in reply to Re: Re: Extreme Example of TMTOWTDI
in thread Extreme Example of TMTOWTDI

As has been pointed out before, the fundamental cause of the slowness of your orginal code is that you are doing an open/write/close operation for each input line. That's no good -- open and close are slow things to do.

Here's something else you can consider -- anonymous open filehandles aggregated and managed within a container.


Check it out...

I created 2 programs. that creates some number of words (well, string of "a" of length between 1 and 10) and that puts them into files named LENGTH.words. I run them together, with: ./ 100 | ./ (The 100 is the number of "words" I want to generate.)

#!/usr/bin/perl -w

use strict;

my $len;

foreach ( 1 .. $ARGV[0] ) {
    my $len = (int(10 * rand())) + 1;
    print (('a' x $len), "\n");

exit 0;

#!/usr/bin/perl -w

use strict;
# use Data::Dumper;

my @filehandles = ();

while ( my $word = <> ) {

    my $len = length($word) - 1;

#    print Dumper(\@filehandles);

    unless ( $filehandles[$len] ) {

	open($filehandles[$len], "> $len.words") or do {
	    warn "$len.words already exists!\n";
    print {$filehandles[$len]} $word;

foreach ( @filehandles ) {
    close($_) if $_;

exit 0; is too simple for analysis. (Right?)

In, I create an array that is meant to store my anonymous filehandles. Of coure, there isn't anything in it at the begining of the program.

Looping through all the words, I determine the length of the word in question. (Why bother chomp-ing? We'll use the newline later).

Then, I want to write the word to the file. The next thing to do is to open an appropriately-named filehandle for writing... unless there already is an appropriate filehandle. In which case, just print the word to that filehandle.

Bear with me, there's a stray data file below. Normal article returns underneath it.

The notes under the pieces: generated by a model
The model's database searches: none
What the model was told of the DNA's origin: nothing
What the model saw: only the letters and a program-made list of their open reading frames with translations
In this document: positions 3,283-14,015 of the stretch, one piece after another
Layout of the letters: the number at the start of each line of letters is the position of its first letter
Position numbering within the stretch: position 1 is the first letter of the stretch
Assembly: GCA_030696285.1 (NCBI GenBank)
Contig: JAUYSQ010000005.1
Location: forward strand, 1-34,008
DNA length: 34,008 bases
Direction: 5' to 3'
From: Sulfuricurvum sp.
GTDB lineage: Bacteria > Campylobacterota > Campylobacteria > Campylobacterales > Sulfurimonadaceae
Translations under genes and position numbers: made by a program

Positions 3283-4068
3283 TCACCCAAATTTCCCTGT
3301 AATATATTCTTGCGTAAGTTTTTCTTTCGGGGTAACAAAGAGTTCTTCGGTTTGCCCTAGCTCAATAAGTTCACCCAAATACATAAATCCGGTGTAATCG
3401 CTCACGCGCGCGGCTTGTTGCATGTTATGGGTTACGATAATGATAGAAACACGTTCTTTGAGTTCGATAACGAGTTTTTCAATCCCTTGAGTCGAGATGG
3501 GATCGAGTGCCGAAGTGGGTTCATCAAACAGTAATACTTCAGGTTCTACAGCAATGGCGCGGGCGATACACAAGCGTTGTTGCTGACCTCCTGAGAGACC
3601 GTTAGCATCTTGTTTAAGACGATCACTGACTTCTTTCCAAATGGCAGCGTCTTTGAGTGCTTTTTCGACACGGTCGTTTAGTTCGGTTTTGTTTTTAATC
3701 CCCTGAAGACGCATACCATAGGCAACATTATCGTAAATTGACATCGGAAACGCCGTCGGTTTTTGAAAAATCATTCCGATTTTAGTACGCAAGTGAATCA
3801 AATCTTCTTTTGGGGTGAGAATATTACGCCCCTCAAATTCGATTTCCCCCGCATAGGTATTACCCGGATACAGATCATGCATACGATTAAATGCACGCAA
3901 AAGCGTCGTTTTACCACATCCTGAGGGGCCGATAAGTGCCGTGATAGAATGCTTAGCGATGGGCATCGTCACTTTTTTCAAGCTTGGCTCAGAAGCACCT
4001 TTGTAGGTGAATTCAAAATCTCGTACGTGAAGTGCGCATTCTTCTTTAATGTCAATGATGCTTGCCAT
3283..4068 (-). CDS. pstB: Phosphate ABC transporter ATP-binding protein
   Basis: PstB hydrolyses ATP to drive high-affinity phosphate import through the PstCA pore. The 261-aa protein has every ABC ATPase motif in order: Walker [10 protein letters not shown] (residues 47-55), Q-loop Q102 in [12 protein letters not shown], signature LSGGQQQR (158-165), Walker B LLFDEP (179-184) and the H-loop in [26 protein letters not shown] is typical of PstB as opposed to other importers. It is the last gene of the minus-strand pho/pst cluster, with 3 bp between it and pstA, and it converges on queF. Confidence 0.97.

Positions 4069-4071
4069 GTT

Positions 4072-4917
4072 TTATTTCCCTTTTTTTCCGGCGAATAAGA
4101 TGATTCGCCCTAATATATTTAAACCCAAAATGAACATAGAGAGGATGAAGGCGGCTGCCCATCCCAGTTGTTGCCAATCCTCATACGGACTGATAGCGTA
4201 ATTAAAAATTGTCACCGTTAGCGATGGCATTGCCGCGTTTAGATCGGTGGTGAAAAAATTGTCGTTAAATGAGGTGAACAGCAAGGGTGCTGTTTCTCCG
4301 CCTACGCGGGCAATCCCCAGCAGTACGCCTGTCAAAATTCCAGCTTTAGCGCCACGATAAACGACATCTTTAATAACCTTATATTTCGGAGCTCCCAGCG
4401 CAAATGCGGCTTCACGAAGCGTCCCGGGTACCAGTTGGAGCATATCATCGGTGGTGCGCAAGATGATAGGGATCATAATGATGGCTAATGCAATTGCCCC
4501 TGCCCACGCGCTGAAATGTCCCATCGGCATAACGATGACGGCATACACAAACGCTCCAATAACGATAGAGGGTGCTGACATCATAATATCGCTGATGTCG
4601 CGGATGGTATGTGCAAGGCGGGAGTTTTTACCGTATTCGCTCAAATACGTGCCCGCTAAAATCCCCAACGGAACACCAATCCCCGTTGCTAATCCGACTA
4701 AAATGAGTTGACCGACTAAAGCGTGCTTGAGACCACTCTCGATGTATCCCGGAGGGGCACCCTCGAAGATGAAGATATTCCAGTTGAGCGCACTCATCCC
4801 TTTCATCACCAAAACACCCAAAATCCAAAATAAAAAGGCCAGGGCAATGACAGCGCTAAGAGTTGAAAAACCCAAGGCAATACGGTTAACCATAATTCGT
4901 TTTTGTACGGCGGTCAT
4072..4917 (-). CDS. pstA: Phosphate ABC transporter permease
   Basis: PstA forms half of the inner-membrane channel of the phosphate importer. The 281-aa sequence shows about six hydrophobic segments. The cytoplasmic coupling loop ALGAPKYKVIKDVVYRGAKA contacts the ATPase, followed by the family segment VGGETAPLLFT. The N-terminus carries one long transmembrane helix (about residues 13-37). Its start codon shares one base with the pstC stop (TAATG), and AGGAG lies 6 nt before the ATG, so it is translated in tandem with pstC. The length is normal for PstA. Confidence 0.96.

Notice that I'm using a scalar as my filehandle. Perl will autovivify an anonymous filehandle and assign it to that scalar, assuming it's an assignable scalar... such as what can be found in an array element. (The array is my aggregator -- I aggregate [collect] my filehandles within it.)

At the end of the program, I go through my array and close any filehandles that are stored within it. I don't just want to close every element in the array, as some of them might be "undef" values.

Note that if you uncomment the 2 commented lines, you'll get some data-dumper output that shows you the gradual population of elements within the @filehandles array with anon filehandles.

Note that older version of Perl 5 won't support this kind of filehandle autovivification of empty assignable scalars. (In which case, you can still use this technique, but with minor modifications. But ask me about this later if you like.)

Here's a bit of a screencapture of the whole procedure...

rdice@tanru:~/tmp/test$ rm *.words; ./ 100 | ./
rdice@tanru:~/tmp/test$ wc -l *.words
      8 1.words
     11 10.words
      8 2.words
     15 3.words
      7 4.words
     11 5.words
     10 6.words
      9 7.words
     10 8.words
     11 9.words
    100 total